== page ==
What are the various ways to construct a smooth (or at least continuously differentiable) curve that passes through two arbitrary points, given the slope of the curve at the two points?

For the sake of simplicity, let's start with this scenario:

Find a functionf(x) defined on the interval [0,a] that passes horizontally through the origin [f(0) =f'(0) = 0] and passes through point (a,b) with slopem. You may assume that:

a> 0b> 0m> (a/b) [and thereforem> 0]f(x) >= 0f'(x) >= 0

In other words, you're looking for a spline curve that tangentially intersects the lines "y=0" and "y=mx+(b–ma)" at (0,0) and (a,b), respectively. (Note that thex-intercept of the latter line is atx>0.)

I've been trying to come up with solutions based on functions that satisfyf(0)=f'(0)=0 and which curve upward asxincreases, scaled to fit into the box defined by (0,0) and (a,b) with the proper slope at (a,b), but I'm having trouble.

One thing I tried was scaling an arc of a circle. But I soon realized that there is only one possible circle whose center lies on theyaxis and which passes through both (0,0) and (a,b), meaning an arbitrary slope value at (a,b) cannot be accommodated. (However, if the circle center is allowed to be to the right of theyaxis, in some cases a circle arc could be found that tangentially intersects thexaxis atx>0, with the function defined asy=0 between there and the origin.)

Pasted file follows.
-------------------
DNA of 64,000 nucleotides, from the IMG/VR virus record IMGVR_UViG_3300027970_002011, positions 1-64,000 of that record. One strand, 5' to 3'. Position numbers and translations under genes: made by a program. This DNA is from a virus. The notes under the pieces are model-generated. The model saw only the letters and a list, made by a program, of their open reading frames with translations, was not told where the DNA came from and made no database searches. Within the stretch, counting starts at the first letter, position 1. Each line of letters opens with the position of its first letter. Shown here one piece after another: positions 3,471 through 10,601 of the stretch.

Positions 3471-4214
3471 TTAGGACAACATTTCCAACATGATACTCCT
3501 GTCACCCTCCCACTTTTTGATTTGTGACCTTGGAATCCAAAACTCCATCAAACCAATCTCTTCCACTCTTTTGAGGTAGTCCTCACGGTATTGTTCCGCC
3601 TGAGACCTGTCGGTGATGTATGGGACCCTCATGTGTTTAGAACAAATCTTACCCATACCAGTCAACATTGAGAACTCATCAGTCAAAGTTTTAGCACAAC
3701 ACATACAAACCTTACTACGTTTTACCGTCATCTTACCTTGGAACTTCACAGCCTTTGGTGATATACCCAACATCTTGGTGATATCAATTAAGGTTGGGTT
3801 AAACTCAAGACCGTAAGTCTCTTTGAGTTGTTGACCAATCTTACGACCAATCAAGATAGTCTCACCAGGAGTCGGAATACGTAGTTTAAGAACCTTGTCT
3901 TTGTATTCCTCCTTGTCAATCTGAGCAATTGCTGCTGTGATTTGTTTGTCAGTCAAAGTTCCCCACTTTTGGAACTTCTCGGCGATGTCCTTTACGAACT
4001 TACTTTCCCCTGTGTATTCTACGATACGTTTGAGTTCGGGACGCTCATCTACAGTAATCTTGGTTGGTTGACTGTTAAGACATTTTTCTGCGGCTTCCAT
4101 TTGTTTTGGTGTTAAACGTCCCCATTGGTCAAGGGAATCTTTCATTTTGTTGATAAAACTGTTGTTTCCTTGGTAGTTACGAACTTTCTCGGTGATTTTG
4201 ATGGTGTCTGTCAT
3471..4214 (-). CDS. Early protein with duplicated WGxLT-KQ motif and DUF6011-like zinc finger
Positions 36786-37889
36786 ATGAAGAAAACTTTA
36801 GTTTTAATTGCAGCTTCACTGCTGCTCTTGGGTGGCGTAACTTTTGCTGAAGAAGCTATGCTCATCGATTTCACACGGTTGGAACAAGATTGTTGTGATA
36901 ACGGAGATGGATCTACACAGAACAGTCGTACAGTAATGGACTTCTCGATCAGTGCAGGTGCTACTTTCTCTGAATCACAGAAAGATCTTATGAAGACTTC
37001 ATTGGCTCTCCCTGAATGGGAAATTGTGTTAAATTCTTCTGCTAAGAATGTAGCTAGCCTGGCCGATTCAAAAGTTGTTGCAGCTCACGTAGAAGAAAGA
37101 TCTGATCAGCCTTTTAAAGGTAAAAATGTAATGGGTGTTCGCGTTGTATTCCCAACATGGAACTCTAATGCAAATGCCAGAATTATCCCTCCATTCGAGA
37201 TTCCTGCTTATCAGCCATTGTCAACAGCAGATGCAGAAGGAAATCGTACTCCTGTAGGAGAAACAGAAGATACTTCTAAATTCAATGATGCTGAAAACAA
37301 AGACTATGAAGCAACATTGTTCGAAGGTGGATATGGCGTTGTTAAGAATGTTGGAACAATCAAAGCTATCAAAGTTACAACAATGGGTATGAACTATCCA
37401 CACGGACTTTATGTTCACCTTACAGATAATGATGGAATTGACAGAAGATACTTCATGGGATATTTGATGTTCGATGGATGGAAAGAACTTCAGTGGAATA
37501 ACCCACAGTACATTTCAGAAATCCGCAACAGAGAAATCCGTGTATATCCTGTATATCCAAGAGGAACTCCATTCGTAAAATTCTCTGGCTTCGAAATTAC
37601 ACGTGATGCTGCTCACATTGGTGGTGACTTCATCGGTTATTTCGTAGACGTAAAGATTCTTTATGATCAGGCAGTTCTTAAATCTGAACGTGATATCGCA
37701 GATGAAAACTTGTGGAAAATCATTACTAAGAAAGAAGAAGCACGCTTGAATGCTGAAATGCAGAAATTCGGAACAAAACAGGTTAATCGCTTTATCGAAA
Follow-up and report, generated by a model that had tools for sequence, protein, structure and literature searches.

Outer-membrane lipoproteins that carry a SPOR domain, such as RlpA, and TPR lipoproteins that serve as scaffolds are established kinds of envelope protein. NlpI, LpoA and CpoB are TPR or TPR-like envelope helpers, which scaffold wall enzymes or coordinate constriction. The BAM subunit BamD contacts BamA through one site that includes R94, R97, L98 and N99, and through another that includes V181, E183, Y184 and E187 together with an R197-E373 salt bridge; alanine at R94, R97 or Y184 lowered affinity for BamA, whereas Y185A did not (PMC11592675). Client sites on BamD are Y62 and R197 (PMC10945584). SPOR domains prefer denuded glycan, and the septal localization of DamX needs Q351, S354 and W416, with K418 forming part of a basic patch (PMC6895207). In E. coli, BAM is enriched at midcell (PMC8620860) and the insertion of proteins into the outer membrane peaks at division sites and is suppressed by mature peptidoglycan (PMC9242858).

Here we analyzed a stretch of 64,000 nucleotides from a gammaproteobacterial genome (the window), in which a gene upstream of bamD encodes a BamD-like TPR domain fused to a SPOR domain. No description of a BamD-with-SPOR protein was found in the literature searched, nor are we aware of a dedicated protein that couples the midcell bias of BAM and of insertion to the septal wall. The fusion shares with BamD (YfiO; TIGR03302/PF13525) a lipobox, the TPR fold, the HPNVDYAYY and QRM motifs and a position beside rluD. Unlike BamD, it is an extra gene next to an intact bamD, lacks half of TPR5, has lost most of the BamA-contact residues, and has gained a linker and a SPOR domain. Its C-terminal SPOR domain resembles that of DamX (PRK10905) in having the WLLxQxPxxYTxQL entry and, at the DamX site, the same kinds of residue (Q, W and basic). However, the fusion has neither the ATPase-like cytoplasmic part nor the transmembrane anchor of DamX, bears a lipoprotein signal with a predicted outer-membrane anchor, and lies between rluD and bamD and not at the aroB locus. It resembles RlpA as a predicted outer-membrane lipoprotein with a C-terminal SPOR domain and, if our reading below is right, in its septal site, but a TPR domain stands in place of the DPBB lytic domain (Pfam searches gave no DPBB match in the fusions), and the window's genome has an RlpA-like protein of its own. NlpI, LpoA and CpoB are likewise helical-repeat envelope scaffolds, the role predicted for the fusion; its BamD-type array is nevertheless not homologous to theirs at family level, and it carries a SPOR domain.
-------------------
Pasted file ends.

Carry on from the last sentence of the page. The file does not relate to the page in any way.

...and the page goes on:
Next I tried a parabolic (2nd-order polynomial) function. But I couldn't figure out how to scale it in such a way that an arbitrary slope at (a,b) was possible.

A hyperbolic function might be workable, but I haven't tried it.

The trig-derived functiony=tanseems promising, but again, I couldn't figure out the scaling.^{2}x

I know a Bézier curve could be used, but I'm looking for a solution that can be expressed as a non-parametric equation.

I think a power function based around some version ofy=x— with^{c}cproperly calculated froma,b, andm— could also be a solution.

Perhaps even an exponential function based aroundy=ecould be made to work.^{x}

What suggestions do you have? Please explain your solutions!

Thanks,

~ Justin